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Monthly Archives: May 2009

stringaWashington Post, March 31, 1904. Per an earlier post, this kind of detailed, how-to suicide reportage is discouraged nowadays.

march-1-1904aWashington Post, March 31, 1904. It’s like a Louvin Brothers song.

reprimandaDetroit News, May 26, 1931. Poor bastard.

grape-juiceDetroit News, May 22, 1931.
Vat a way to go.

meteoraDetroit News, March 26, 1931. Most people don’t realize that the Men In Black were first established under the Hoover administration. So stop blaming the New Deal.

jazz-3-28aDetroit News, March 28, 1931. This is a perennial news item throughout the Twenties and Thirties: Some credentialed highbrow wishfully announces for the millionth time the imminent death of jazz. Today, of course, jazz qualifies as cultural spinach of the highest nutritive value, and nobody listens to it but credentialed highbrows. Oh, the irony of it all.

P.S. I did not know that about cottonseed meal and trout.

contestsaDetroit News. April 22, 1931. Beauty contests in the Twenties and Thirties were forthrightly about female nubility and pulchritude and thus had all the respectability of today’s wet t-shirt contests. They subsequently acquired a toehold in the mainstream during WWII, when beauty queens were recruited to sell war bonds and entertain the troops. By the 1950s, pageants had become as wholesome as apple pie and as hypocritical as Elmer Gantry. The conflicted, sanitizing urge to dilute, deny and obscure the fundamental and irreducible boy-I’d-like-to-fuck-her agenda of beauty pageants is what gives rise to agonized weirdness like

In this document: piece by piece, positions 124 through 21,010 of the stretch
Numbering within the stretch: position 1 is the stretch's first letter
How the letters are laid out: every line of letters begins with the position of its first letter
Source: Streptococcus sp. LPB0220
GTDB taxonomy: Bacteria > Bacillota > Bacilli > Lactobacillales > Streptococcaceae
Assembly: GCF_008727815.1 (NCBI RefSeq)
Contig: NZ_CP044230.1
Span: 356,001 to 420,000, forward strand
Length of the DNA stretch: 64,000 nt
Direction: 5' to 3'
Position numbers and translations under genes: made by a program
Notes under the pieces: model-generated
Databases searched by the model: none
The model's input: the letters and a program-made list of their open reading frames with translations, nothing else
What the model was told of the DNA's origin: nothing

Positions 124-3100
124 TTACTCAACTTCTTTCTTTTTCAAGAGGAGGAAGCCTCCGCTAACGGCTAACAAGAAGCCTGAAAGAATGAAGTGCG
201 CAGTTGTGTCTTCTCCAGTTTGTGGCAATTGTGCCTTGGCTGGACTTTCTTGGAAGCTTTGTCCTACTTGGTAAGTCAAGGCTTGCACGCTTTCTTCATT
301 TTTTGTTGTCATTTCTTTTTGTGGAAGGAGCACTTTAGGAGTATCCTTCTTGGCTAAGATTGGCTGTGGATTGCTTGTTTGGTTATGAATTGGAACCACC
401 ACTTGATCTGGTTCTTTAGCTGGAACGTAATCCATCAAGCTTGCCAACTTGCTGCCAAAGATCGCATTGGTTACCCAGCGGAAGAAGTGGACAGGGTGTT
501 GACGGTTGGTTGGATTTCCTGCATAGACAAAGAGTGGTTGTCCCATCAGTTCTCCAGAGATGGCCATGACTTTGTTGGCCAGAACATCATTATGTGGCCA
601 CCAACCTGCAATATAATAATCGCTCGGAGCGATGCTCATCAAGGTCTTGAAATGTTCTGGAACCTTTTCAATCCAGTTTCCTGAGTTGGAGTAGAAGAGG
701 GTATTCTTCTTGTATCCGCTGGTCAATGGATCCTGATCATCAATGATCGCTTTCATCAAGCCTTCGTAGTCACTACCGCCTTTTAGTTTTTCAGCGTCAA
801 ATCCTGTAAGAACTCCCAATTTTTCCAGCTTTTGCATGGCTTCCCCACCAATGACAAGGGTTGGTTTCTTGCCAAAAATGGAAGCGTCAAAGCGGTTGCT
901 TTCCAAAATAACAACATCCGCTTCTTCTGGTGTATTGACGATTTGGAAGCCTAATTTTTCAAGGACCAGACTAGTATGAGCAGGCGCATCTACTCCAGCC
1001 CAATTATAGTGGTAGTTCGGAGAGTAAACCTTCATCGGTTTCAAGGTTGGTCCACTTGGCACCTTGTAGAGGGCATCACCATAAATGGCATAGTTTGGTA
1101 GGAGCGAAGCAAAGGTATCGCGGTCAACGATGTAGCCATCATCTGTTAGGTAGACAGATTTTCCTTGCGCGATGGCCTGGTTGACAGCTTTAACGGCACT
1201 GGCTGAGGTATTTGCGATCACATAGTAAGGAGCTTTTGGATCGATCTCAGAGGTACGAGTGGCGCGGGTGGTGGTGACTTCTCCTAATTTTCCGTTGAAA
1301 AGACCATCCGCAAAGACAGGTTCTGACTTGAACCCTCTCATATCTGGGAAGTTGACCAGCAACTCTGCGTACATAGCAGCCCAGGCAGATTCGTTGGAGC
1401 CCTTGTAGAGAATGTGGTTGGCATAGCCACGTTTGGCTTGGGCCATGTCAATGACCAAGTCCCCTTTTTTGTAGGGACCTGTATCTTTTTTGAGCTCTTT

widowaDetroit News, April 23, 1931. You just don’t hear of socialites jumping out of windows over Park Avenue anymore.

showgirlaDetroit News, April 22, 1931. I guess she couldn’t wait until Tuesday.

toastedaDetroit News, May 16, 1931. Most nations capable of establishing national broadcasting systems in the Twenties and Thirties followed the British model of development, creating listener-supported, noncommercial systems owned and operated by the state. The U.S., where broadcasting was born, opted for privately-owned stations financed through commercial advertising. (I wrote a spellbinding book about how and why this happened.) There are very few recordings of broadcasts from this period, so satirical commentaries like this editorial cartoon are actually among the best available sources for information on what early broadcast advertising was like. At first I thought the guy in the second frame was intended as a caricature of Alexander Woollcott, but Woollcott didn’t start his broadcasting career as CBS’s “Town Crier” until 1933. Still looks a lot like him though.